Duke women’s basketball has retired only two jerseys in its history, those of Alana Beard and Lindsey Harding. But there is one player who stands out as a prime candidate to add her jersey to Cameron’s rafters.
And the unusual thing about her is that she is still just a freshman. In her limited time, however, she has already given many an indication that she is on the fast track to greatness. Trying to pinpoint her primary contribution, though, is difficult. Maybe it’s that she leads Duke in scoring as a freshman this year. Or it could be that she grabs seemingly every rebound remotely close to her. Perhaps it is the triple-double she registered against Wake Forest last week while setting a conference record with 12 blocks.
But one thing is clear—Elizabeth Williams is putting up a performance worthy of Duke’s greatest players, and it’s time for Blue Devil fans to start paying attention. After all, the 6-foot-3 center has an excellent chance to become the second Blue Devil to earn national rookie of the year honors. The only player to do so? Beard, in 2001.
“I think it’s very rare to see a first-year come in with such purpose, such conviction and such a willingness to help her team,” head coach Joanne P. McCallie said. “She’s got a great sense of the whole, even though individually she’s been absolutely terrific.”
Williams has made a point of exceeding expectations ever since the team’s preseason workouts, when she finished a mile-and-a-half run in 10:18, 27 seconds faster than the goal her coaches set for her.
Her quick pace around a track is just one indication of her outstanding athleticism. Whereas most 6-foot-3 centers lumber up and down the court, Williams displays a quickness that many guards would envy.
Her athleticism has allowed the Blue Devils to play a much more up-tempo style compared to years past, with the offense averaging almost eight points more per game than they were at this time last year, despite the loss of leading scorer Jasmine Thomas.
“I like teams that run,” Williams said. “With our team, we have a lot of athletes and we can use that to our advantage and sprint the floor.”
Duke’s transition offense runs all the more smoothly due to the connection that Williams has developed with sophomore point guard Chelsea Gray, who paces the offense. Because Gray has a knack for incorporating her teammates so aggressively, assistant coach Al Brown, who works closely with the post players, has reminded Williams to keep her hands ready at all times.
Williams’ ready hands have turned many of Gray’s passes into buckets. The center leads the team with 13.0 points per game while Gray has seen her production rise to 6.3 assists per contest. Gray and Williams will form a tandem for the next two-and-a-half seasons that may be unguardable in transition.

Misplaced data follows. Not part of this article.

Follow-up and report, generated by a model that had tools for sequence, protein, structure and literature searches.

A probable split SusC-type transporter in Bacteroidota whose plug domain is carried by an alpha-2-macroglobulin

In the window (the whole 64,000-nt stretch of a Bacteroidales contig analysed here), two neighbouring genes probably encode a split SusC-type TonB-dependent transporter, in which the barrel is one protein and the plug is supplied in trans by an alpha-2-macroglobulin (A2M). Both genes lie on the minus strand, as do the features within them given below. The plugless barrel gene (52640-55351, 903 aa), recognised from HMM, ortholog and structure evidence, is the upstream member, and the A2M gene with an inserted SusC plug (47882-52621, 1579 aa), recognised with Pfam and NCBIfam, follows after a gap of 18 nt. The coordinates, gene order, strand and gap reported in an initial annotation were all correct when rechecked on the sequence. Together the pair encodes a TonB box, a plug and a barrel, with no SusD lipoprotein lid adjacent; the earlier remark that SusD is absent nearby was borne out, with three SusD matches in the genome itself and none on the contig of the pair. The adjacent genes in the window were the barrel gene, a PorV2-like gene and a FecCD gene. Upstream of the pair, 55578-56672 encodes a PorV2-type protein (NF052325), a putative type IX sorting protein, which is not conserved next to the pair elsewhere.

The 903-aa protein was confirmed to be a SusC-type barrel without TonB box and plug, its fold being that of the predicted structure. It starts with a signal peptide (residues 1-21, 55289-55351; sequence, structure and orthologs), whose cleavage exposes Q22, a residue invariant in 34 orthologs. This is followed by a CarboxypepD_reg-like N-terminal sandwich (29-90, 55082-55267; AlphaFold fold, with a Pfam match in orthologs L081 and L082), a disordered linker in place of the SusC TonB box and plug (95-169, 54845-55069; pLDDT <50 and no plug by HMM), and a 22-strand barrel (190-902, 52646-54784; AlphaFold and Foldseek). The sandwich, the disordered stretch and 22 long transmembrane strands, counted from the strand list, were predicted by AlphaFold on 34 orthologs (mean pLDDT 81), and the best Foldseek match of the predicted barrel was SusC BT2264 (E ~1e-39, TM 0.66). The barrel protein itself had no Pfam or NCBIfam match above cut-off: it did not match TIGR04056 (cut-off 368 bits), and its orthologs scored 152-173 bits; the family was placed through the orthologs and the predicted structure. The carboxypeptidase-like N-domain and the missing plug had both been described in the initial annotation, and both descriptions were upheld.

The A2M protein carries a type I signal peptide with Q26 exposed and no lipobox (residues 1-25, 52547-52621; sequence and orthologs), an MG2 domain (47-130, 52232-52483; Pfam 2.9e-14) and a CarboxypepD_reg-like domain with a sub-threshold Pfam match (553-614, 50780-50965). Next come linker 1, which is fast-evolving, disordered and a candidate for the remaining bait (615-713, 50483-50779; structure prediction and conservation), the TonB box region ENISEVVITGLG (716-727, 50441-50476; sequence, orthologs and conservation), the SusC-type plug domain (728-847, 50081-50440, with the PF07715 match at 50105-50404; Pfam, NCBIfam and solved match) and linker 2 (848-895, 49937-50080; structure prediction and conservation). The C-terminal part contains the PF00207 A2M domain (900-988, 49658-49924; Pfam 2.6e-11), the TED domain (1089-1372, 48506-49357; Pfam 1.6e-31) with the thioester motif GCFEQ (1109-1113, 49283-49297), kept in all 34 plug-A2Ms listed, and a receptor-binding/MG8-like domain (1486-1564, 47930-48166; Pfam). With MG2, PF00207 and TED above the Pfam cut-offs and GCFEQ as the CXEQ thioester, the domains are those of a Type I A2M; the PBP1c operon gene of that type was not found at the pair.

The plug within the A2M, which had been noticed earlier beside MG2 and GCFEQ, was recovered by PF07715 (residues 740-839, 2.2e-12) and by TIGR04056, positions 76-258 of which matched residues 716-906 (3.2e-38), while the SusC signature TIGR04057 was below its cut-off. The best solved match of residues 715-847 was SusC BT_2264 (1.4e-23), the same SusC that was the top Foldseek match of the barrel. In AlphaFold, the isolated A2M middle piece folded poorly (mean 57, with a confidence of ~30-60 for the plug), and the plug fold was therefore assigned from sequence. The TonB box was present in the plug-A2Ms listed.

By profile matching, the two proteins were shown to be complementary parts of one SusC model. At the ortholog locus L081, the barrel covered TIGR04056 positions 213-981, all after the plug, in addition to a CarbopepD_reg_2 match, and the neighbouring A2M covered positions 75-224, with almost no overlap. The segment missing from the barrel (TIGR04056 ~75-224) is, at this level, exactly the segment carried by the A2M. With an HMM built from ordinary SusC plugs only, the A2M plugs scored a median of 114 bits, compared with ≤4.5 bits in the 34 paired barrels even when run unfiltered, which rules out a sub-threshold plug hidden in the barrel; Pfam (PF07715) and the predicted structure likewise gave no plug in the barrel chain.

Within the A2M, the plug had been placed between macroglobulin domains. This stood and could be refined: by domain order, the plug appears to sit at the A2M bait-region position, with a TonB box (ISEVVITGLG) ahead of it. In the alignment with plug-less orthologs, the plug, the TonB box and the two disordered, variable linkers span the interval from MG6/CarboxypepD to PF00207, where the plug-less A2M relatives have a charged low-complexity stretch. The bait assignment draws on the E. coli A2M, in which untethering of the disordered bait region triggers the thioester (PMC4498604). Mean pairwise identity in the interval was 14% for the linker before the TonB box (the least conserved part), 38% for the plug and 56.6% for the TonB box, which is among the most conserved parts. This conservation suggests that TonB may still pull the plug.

“The connection she has with Chelsea Gray, the ability to run the floor—so many things open up,” McCallie said. “Great players have a way of elevating all those around them and making it look easier than it really is.”
Although Williams leads the Blue Devils in scoring, her dominance is more noticeable on the defensive end. Her ACC-record 12 blocks against Wake Forest have set her on pace to average four blocks per game, which gives her an outside shot at breaking Allison Bales’ conference record of 151 blocks in a season. By the time her four years are up, Williams should easily be able to break Bales’ career conference record of 434 blocks.
Williams has become the best by always playing against the best. In 2009 she earned the MVP award at the FIBA U16 World Championships, en route to a gold medal with the United States national team. The next year, she led the team in both scoring and rebounding as the U17 national team brought home gold from France.
This past summer, while her Duke teammates were in Durham preparing for school and the upcoming season, Williams was winning her third gold in as many years with the U.S. U19 team in Puerto Montt, Chile. “She’s always loved a challenge,” McCallie said. “She’s really driven to elevate her team.”
And her team-oriented attitude is especially important in women’s college basketball, where individual superstars rule. Duke made the Final Four in 2002 with Beard and again the next season when they added Harding, who would take the team to the program’s second-ever national championship game in 2006.
The team can be proud of its Elite Eight finishes the past two seasons, but Williams has the program-defining potential to usher in a new era of late-March basketball. And if she can do that, the duo of jerseys in Cameron will likely become a triumvirate.
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